Mortgage rates climb higher, triggering home price drops

Home prices are down but still remain well above pre-pandemic levels, according to Zillow

Mortgage rates continued to climb this week, hitting levels not seen since October 2008, according to experts. (iStock)

Rates for the 30-year mortgage increased again this week, jumping to the highest level since October 2008, experts said.

The average rate for a 30-year fixed-rate mortgage increased to 6.29% for the week ending Sept. 22, according to Freddie Mac's Primary Mortgage Market Survey. This is up from last week when it averaged 6.02% and is significantly higher than last year when it was 2.88%.

Other loan terms also increased this week. The 15-year mortgage rose to 5.44%, up from 5.21% last week and up from 2.15% last year. The five-year Treasury-indexed hybrid adjustable-rate mortgage (ARM) also increased to 4.97%, up from 4.93% last week and up from 2.43% last year.  

Sam Khater, Freddie Mac's chief economist, said that rising mortgage rates have led to a drop in home prices, but supply is still an obstacle to homebuyer affordability.

"Impacted by higher rates, house prices are softening, and home sales have decreased," Khater said. "But despite this decrease in sales, the number of homes for sale remains well below normal levels."

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Low housing supply remains an obstacle

Housing inventory will likely remain constrained for the rest of this year, Lawrence Yun, National Association of Realtors’ (NAR) chief economist, said in a statement

Yun also said that the low existing-home supply increased the need for new-home construction. 

The latest National Association of Homebuilders (NAHB) /Wells Fargo Housing Market Index (HMI) said that builders' confidence worsened for the ninth straight month, with sentiment falling to 46 in September after being at 49 in August. Anything below 50 is considered poor. The drop in confidence highlights how elevated interest rates, building-material supply chain disruptions and high home prices have taken a toll on affordability.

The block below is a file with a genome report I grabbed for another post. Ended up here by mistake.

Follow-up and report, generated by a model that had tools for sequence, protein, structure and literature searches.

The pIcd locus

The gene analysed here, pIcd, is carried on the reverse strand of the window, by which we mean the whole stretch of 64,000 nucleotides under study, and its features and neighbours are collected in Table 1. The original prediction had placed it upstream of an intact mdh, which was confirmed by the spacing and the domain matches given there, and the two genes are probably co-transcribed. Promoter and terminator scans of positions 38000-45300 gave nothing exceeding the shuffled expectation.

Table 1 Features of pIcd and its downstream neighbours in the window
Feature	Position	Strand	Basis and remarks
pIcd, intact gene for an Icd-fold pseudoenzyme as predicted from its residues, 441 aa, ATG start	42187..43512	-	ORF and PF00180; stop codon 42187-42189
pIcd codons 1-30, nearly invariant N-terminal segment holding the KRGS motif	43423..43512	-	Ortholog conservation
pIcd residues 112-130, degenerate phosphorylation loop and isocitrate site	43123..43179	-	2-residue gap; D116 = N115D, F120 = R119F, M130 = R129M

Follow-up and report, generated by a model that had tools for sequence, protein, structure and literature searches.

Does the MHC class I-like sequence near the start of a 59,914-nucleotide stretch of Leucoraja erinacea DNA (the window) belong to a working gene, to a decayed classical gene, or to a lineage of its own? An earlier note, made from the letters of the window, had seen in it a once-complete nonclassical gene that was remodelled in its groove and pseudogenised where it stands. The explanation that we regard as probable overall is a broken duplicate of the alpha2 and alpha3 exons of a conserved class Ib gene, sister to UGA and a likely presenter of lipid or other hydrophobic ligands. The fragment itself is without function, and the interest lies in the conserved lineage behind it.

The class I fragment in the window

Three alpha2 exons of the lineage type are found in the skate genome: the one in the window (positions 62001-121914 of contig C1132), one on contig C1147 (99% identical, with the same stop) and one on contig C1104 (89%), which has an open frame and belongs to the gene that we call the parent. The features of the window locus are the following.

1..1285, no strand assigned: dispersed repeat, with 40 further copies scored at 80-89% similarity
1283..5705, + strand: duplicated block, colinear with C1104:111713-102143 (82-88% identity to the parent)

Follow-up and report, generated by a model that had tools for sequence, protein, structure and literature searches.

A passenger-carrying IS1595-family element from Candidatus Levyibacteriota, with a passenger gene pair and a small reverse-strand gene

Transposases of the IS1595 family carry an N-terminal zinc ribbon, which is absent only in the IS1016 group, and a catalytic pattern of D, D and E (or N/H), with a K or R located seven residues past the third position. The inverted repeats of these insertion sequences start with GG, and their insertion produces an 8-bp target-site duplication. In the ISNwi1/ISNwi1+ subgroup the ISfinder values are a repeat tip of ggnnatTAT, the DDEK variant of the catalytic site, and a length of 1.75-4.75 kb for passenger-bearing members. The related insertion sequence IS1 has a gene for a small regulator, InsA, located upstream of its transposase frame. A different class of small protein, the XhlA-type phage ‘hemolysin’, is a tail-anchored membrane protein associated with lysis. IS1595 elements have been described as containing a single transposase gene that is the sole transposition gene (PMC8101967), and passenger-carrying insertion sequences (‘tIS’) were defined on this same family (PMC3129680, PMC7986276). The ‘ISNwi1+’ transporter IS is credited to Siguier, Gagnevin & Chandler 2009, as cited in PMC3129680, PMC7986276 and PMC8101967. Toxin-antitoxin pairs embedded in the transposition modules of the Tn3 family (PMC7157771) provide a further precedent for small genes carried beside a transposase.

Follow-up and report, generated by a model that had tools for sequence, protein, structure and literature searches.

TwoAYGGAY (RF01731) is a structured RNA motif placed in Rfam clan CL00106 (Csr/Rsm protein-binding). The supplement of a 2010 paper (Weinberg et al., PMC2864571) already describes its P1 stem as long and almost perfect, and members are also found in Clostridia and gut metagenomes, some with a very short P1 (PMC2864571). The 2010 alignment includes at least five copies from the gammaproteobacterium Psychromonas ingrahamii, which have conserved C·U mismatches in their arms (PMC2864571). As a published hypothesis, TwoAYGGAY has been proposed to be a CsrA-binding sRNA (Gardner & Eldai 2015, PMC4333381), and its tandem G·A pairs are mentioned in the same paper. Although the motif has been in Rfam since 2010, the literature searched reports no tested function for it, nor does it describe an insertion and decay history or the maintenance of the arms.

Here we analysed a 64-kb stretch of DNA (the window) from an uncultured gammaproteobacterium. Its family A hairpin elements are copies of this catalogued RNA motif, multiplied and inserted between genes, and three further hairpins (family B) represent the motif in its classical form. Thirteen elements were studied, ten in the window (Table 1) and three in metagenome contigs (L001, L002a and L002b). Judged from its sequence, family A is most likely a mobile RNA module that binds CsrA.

"Builder sentiment has declined every month in 2022," Robert Dietz, NAHB's chief economist, said. "And the housing recession shows no signs of abating as builders continue to grapple with elevated construction costs and an aggressive monetary policy from the Federal Reserve that helped pushed mortgage rates above 6% last week, the highest level since 2008." 

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Home prices soften but affordability still an issue

Higher mortgage rates have dampened homebuyer appetite, resulting in a drop in existing home sales for seven consecutive months, according to August home sale prices were also down 6% from their June peak.

But despite the recent softening, home prices are still up 14.1% from a year ago and up 43.8% since August 2019, meaning that affordability remains an issue for homebuyers, according to Zillow.  

George Raitu,'s senior economist, said that a buyer currently purchasing a median-priced home with a 30-year fixed-rate mortgage is paying roughly $900 more per month toward their loan than they would have a year ago. That would add more than $10,000 to a homebuyer's financing burden. 

"For buyers watching their take-home pay shrink due to higher prices, and shopping budgets diminish due to rising rates, today's housing market remains highly unaffordable," Raitu said. "In many locations, price cuts may be the only viable option to restore housing balance and affordability."

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